The Alde system is similar to domestic central heating, warming fluid before passing it through a network of pipes and radiators. The Truma Combi often benefits from faster heat-up times, with the Alde system providing a quiet, even heat. Premium caravans are often fitted with Alde wet central heating, although both heating types perform incredibly well in all conditions.

Will tubular heaters keep the caravan warm?

Usually found in small areas that need to be frost-free – like a greenhouse – these cylindrical electric heaters aren’t designed to heat areas to a comfortable temperature. Also, when tested to see if they will keep a caravan frost-free, they fail to heat beyond the localised area, so it’s essential to follow the correct drain-down procedure before storing the caravan over winter.

Can I use normal antifreeze for Alde caravan heating, such as Comma Xstream GC40?

Alde does approve other antifreeze products. In the UK, these are Fuchs Maintain Fricofin V 50, Comma XStream GC40, and VW Genuine Parts G13. They are ready to use, pre-mixed with deionised water, and have a five-year life. The Alde website states that ‘corrosion damage caused by substandard heating fluid is not covered by warranty’, and, with this in mind, I tried to find genuine Alde Premium G13 Antifreeze at a discounted rate.

The Caravan and Motorhome Club Shop sells a one-litre bottle for £8.99 (with a member discount), which compares favourably to similar-sized bottles of alternative products. Antifreeze for central heating in caravans needn’t cost a fortune.

Can Alde caravan heating be left on all winter?

If you’re considering leaving your Alde heating on for the winter months, it’s worth following the correct drain-down procedure instead.

It’s possible to set the thermostat to a single-digit figure, although this could be expensive during a cold snap and could also wear any moving parts prematurely. The Alde heating system is filled with a dedicated antifreeze, so correctly serviced heating systems can cope with the rigours of winter.

Can heat damage a caravan?

Many caravans are also tested at high temperatures. I’ve observed climate chamber tests at 40°C, where various components, laminates and products are checked for heat compatibility, and I’ve caravanned in temperatures of 45°C without failure of any fixtures, fittings, or finishes.

How much does it cost to fit caravan central heating?

If you’re planning to retrofit a heating system, a blown-air unit is worth looking at. Truma and Whale are popular with people looking to fit such a system, with costs varying depending on the caravan, fitting location, ducting runs, wiring, etc.

As a rough guide, a Whale caravan heating system can be purchased online for less than £1,000 (including ducting and controls), with a recent online deal offering a Truma Combi system for approximately £1,500. These costs do not include fitting.

Final thoughts

In the modern caravans of today you can rest assured you will be warm and toasty when you need to be. With older caravans you made need to make more of an investment. There are some really good heating systems out there, so choose one that suits you the best; for me it is the more like home the better.

Expert Caravan advice to your door!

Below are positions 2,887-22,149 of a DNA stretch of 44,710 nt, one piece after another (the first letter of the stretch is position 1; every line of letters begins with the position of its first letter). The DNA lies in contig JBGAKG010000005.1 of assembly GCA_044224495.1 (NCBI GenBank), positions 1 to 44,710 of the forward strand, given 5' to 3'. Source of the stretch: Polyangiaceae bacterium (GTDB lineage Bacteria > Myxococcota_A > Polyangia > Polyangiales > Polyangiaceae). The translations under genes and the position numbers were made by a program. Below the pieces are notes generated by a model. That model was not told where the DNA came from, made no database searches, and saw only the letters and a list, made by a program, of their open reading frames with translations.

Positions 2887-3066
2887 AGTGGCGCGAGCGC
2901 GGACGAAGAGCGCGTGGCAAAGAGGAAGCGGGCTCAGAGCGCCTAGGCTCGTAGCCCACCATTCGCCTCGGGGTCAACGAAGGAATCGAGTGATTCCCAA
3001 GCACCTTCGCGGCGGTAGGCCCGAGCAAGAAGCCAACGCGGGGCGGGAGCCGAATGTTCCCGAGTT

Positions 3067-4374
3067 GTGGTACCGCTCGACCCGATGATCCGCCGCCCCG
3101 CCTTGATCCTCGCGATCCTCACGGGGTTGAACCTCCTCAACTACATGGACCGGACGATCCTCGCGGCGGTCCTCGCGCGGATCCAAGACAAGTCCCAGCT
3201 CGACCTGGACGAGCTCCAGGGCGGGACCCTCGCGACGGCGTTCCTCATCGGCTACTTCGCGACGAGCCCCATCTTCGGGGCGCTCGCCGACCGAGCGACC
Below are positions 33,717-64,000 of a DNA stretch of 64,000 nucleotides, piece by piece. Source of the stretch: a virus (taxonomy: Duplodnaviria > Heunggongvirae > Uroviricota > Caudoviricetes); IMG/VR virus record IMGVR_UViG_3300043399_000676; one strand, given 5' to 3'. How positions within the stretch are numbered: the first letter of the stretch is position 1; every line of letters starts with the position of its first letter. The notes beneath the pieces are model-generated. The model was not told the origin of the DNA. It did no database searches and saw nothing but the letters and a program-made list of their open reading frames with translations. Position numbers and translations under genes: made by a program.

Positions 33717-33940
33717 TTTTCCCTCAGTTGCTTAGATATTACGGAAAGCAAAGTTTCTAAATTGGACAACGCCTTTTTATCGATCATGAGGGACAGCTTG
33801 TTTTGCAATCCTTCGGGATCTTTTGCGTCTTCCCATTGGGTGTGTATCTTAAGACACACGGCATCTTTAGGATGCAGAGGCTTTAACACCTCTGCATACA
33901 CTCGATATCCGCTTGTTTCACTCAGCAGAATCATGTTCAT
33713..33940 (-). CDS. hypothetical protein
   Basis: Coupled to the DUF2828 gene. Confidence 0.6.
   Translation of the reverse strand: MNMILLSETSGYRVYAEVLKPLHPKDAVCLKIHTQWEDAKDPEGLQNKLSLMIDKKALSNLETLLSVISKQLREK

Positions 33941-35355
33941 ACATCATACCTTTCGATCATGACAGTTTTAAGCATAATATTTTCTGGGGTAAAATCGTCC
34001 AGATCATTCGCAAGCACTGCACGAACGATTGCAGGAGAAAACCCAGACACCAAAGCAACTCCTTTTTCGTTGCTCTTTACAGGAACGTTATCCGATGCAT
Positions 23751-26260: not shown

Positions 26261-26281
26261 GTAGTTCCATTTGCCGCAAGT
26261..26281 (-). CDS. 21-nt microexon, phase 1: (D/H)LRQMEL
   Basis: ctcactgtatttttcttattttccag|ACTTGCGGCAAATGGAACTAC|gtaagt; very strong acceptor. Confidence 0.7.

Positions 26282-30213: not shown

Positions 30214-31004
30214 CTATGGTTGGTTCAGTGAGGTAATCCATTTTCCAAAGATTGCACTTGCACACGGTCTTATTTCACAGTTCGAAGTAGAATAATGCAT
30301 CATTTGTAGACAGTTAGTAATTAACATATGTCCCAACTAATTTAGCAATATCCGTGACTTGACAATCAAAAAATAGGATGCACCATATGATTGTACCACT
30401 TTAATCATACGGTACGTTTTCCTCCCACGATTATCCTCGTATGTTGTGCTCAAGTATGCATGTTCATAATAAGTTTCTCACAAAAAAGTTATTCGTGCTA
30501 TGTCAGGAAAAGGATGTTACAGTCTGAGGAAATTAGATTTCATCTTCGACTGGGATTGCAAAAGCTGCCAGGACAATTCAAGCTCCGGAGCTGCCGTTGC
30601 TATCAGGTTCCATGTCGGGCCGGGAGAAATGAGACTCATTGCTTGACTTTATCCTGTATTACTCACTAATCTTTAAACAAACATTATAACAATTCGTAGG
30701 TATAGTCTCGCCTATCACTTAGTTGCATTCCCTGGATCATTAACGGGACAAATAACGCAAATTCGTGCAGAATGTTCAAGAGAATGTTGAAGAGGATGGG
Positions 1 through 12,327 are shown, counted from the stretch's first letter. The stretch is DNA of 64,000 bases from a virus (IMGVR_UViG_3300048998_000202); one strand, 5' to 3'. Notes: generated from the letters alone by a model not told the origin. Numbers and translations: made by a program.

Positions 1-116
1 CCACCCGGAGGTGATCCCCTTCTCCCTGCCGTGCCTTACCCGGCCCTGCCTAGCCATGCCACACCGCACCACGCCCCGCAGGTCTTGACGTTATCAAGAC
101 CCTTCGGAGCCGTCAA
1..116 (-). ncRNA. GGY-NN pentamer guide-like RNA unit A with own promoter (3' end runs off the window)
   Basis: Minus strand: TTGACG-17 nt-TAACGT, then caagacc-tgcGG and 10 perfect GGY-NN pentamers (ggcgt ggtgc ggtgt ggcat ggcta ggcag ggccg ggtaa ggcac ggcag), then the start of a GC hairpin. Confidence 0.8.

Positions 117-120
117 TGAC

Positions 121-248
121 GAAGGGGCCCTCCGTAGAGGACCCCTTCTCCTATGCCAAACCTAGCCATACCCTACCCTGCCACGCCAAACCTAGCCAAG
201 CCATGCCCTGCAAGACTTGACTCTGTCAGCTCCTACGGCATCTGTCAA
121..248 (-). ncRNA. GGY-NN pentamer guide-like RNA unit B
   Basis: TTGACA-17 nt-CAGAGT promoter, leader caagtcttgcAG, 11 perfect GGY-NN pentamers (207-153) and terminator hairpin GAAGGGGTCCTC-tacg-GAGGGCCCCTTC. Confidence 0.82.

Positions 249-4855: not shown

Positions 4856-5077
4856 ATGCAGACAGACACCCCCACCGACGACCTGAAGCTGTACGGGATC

Caravan Magazine

Caravan magazine has been inspiring caravanners for more than 80 years! We have grown to become a leading authority on caravans, the caravan industry, caravan lifestyle, campsites and caravan travel destinations. We know what our readers want – and that's to make the most of their caravans and their holidays!

Want to know more about Caravan magazine?

About Caravan magazine  

Back to "Practical Advice" Category

13/11/2023 Share this story   Share on Facebook icon Share on Twitter icon Share on Pinterest icon Share on Linked In icon Share via Email icon

Recent Updates

There's little more guaranteed to strike fear into the heart of a caravan owner than the word 'damp'. But if you keep on top of it, and spot it ...

Caravan jockey wheels: the definitive guide

A well-functioning caravan jockey wheel can make all the difference to manoeuvring away from the towcar, ...

Caravan cooking recipes

Caravan cookery inspirational ideas. No need to stress out in the kitchen with these quick and easy ...

Caravan bike racks: a complete guide

Exploring the beautiful surroundings while on a caravan trip is undeniably one of the greatest joys of the ...

A guide to solar power in your caravan

Not that many years ago, mains electrical hook-up on campsites was considered a bit of a luxury, and, for ...

The ultimate guide to caravan layouts

Choosing the right layout or floorplan of your caravan is an all-important part of the buying process – find ...

Caravan toilets: the ultimate guide

Caravan toilets – the ultimate guide. It’s perhaps the least glamorous aspect of caravanning but it isn't ...

A guide to seasonal caravan pitches

Our in-depth guide to finding and securing seasonal caravan pitches on your favourite campsite ...

Caravan weights and payloads: a quick guide

The terminology of caravan weight – MIRO, MTPLM, noseweight, kerbweight, payload, weight plate upgrade – is ...

The ultimate guide to caravan motor movers

Caravan motor movers: everything you need to know about remote control caravan manoeuvring ...

Other Articles

Whether you’re taking the caravan out for the first time or it’s just in need of a spruce up, our guide will show you how to get it looking good as ...

18 essential items for camping with your dog

Camping is for the whole family – including our four-legged members. Here's what you'll need to keep your dog ...

14 welly boots for camping trips

It might be April but that won’t stop the rain in the UK, so a pair of comfortable welly boots is still ...

Gear to get active this April

Give your wardrobe a spring refresh with this selection of outdoor clothing and activewear ...

Wisper electric bike review

We put the Wisper 806 Folding Electric Bike and Tailwind Trail to the test ...

Caravan awnings: A buyers' guide

So you want to enhance your living space with an awning – great idea. Here we tell you everything you need to ...

The best gear for a good night’s sleep

Put the focus on night-time comfort when away in your campervan, motorhome, caravan or tent ...

15 Mother’s Day gift ideas for outdoorsy mums

Whether she likes to get out in a motorhome, caravan, campervan or tent, we've put together 15 gift ideas ...

Swift’s luxurious Elegance Grande

Swift’s luxurious Elegance Grande invites caravanners to tour all year round ...

Bailey Discovery range

The sporty, compact range offers three layouts comprising a two-berth that’s perfect for couples and two ...